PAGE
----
24 Jul 2006
Seeds of Hope … spied from a train carriage window…
The journey to and from ASPO5 on the train went well, despite a few just-made connections, a few missed ones, and a trip through London on a day when it touched 37 degrees, hotter than it was in Pisa! Travelling on the night train from Paris to Florence was a pleasure, I slept well and met some lovely people (hi Elizabeth and to Piero…), which probably wouldn’t have happened on the plane. ASPO was great, I’ll write more about that soon (I am supposed to be on a summer break, but I just wanted to let you know I had made it home in one piece), but was also quite depressing in places, and as I headed home, I drew a lot of hope for the future from the amount of gardens I saw from the train window in all the countries I passed through.
I am a great believer that the true wealth of of a nation can be measured not by the annual turnover of its multinational corporations or its GNP, but rather in the amount of its well stacked woodpiles and the number and diversity of its vegetable gardens. Heading out from Florence I was struck by the amount of well laid out and plentiful food gardens, densely packed vegetables alongside fruit trees, grape vines and olive trees. I was reminded of David Holmgren talking about Croatia and Slovenia, and how every house in every village had its food garden and wood pile.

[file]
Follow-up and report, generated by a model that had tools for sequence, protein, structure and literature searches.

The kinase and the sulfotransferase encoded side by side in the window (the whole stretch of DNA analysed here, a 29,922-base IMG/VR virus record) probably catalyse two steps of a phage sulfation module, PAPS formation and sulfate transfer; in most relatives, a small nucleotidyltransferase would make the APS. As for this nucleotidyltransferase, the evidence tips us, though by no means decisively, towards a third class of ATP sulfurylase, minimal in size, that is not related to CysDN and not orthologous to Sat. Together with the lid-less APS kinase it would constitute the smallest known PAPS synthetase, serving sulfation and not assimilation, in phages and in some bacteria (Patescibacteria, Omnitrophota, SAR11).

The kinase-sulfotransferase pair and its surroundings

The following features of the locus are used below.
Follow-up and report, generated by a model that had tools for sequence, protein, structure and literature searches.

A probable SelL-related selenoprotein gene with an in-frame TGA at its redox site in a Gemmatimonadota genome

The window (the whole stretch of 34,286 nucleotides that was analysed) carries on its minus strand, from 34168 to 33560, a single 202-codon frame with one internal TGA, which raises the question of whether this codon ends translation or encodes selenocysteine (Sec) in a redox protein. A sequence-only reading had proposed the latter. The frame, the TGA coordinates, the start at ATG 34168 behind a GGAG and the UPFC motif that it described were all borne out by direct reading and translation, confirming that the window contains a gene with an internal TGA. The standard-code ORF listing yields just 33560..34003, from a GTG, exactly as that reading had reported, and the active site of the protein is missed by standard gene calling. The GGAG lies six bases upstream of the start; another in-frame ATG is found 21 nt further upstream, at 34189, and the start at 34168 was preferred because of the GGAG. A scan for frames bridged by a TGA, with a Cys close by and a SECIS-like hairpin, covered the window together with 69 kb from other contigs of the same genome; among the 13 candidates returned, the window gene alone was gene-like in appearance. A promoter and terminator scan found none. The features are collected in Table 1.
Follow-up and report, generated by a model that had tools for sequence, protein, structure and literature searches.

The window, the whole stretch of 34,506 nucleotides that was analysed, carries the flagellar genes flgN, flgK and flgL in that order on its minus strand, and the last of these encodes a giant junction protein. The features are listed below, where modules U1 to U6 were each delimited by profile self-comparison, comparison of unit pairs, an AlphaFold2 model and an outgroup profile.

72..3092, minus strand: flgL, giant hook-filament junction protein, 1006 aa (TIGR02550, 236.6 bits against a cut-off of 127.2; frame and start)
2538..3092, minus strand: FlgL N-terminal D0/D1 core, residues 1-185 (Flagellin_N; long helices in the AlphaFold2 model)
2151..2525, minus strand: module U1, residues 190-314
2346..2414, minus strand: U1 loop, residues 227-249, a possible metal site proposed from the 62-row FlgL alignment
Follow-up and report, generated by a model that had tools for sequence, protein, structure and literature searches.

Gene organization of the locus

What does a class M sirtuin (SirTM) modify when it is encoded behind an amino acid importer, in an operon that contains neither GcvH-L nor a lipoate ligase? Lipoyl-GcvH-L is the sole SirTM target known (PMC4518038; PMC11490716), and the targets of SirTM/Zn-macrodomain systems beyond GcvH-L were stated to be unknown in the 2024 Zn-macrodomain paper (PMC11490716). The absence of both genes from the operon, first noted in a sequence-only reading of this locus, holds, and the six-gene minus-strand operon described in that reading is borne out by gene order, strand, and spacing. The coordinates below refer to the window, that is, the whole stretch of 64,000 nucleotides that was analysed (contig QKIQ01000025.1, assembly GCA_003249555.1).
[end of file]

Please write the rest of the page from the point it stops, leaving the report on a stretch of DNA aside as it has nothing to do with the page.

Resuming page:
Then heading up into France, again a wealth of food gardens packed in and around peoples houses in the rural areas, becoming less and less as we headed into the urban areas. As we went through the suburbs of Paris there were a number of 6 storey apartment blocks laid out perpendicular to the train, and looking down the gaps between them I was thinking “what a great place to have a food garden”, and then there, between two of them, there was an abundant community garden, with a number of people working in it. It is truly in such projects that we see the seeds of the emergent new culture.
Once the Channel tunnel had been negotiated and the train entered the UK, the suburbs of London revealed many gardens and allotments along the side of the railway line. It is a time honoured tradition in England to use the land along the railway lines, and indeed many of the best examples of allotments can be seen in these places. Traditionally allotments were 2,700 square feet (about 250 square metres), and during the war years made the difference between malnutrition and health. Seeing these patches of land with their bean canes and potatoes in rows, and the amount of people working them, gave me a sense that the base of skills needed to roll out a wider programme of localised food growing and the people who can pass on their bioregion specific knowledge are in place.
Derided for decades as ‘old fashioned’, pressured by developers, concreted over for supermarket car parks, it is in these plots that our hope for the future lies. Despite the arguments over when peak oil will occur and what its effects will be that bounced back and forth over two days in a hot Tuscan tent, I returned again and again to James Kunstler’s statement that the future will be “intensely local”. If that is to be the case, then we will need to rapidly expand our urban agricultural and horticultural base, and my journey home from ASPO kindled my hope that we have at least a foundation on which to build.